He uses the standard line that these children will be the ones most likely to solve great problems in the future. Perhaps. That's a difficult argument to make, because plenty of gifted kids turn out to be very normal adults who don't move the world. But that doesn't mean they shouldn't be given an education that meets their needs. That's a right we deserve simply for being human. I'm glad to see Time magazine feels the same way.

Tuesday, August 14, 2007

Is Brainy Baby not so brainy?

It is, of course, the perfect story for snarky journalists: A recent study by researchers associated with the University of Washingon in Seattle concluded that for every hour per day 8-16 month old infants spend watching Brainy Baby and Baby Einstein type videos, they know 6-8 fewer vocabulary words than other children their age. You can read one story (of hundreds) on the topic here.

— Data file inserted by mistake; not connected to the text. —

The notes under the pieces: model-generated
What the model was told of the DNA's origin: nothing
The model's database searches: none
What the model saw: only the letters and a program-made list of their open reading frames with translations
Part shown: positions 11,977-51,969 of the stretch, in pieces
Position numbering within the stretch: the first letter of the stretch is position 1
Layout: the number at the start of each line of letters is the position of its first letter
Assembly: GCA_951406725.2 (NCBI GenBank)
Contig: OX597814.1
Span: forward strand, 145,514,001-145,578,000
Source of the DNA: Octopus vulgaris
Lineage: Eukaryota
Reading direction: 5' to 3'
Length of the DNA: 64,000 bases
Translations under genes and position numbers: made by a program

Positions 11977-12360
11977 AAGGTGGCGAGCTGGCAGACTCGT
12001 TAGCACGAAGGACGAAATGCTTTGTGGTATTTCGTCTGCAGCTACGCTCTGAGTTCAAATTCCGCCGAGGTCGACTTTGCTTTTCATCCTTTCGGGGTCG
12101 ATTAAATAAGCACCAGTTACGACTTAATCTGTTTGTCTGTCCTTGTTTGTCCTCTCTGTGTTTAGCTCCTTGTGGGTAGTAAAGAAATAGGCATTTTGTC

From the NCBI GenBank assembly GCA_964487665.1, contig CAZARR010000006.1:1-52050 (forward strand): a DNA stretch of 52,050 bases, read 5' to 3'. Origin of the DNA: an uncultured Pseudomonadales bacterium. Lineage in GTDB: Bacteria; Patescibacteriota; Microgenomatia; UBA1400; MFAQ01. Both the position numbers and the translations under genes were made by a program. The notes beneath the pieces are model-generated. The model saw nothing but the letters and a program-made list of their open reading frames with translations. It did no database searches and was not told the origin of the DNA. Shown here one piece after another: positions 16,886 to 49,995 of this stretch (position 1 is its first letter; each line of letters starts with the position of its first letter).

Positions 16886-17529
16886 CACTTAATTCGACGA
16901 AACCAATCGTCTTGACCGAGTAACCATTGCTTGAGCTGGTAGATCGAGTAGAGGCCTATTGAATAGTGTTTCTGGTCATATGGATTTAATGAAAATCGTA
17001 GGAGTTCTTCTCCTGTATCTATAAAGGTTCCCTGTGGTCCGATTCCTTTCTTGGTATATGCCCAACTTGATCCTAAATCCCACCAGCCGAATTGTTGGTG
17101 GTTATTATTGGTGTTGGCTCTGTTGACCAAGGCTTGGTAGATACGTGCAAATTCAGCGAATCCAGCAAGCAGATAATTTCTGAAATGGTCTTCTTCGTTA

Everyone loves to make fun of the Baby-Industrial Complex (yes, I bought a Bugaboo stroller... and an Ouef crib...) The explosion of Baby Einstein videos purporting to make one's child smarter is certainly a data point in this trend, and no one can accuse the University of Washington researchers of not knowing how to generate PR. Imagine -- a video designed to make your kid smarter makes your kid dumber! You can hear the snickering seeping out of the newsprint.

But of course, it is almost impossible to prove causal relationships with anything involving childhood intelligence or achievement. The researchers asked about Baby Einstein because these are the videos that babies watch. My guess is that every hour per day that babies spend parked in front of "Days of Our Lives" or "What Not to Wear" likewise corresponds to fewer vocabulary words... as does the number of hours per day they spend parked in front of a blank wall. It's interaction with other people that sparks vocabulary development. If children are watching TV instead of interacting with adults, then they probably will have learned fewer vocabulary words at some arbitrary age.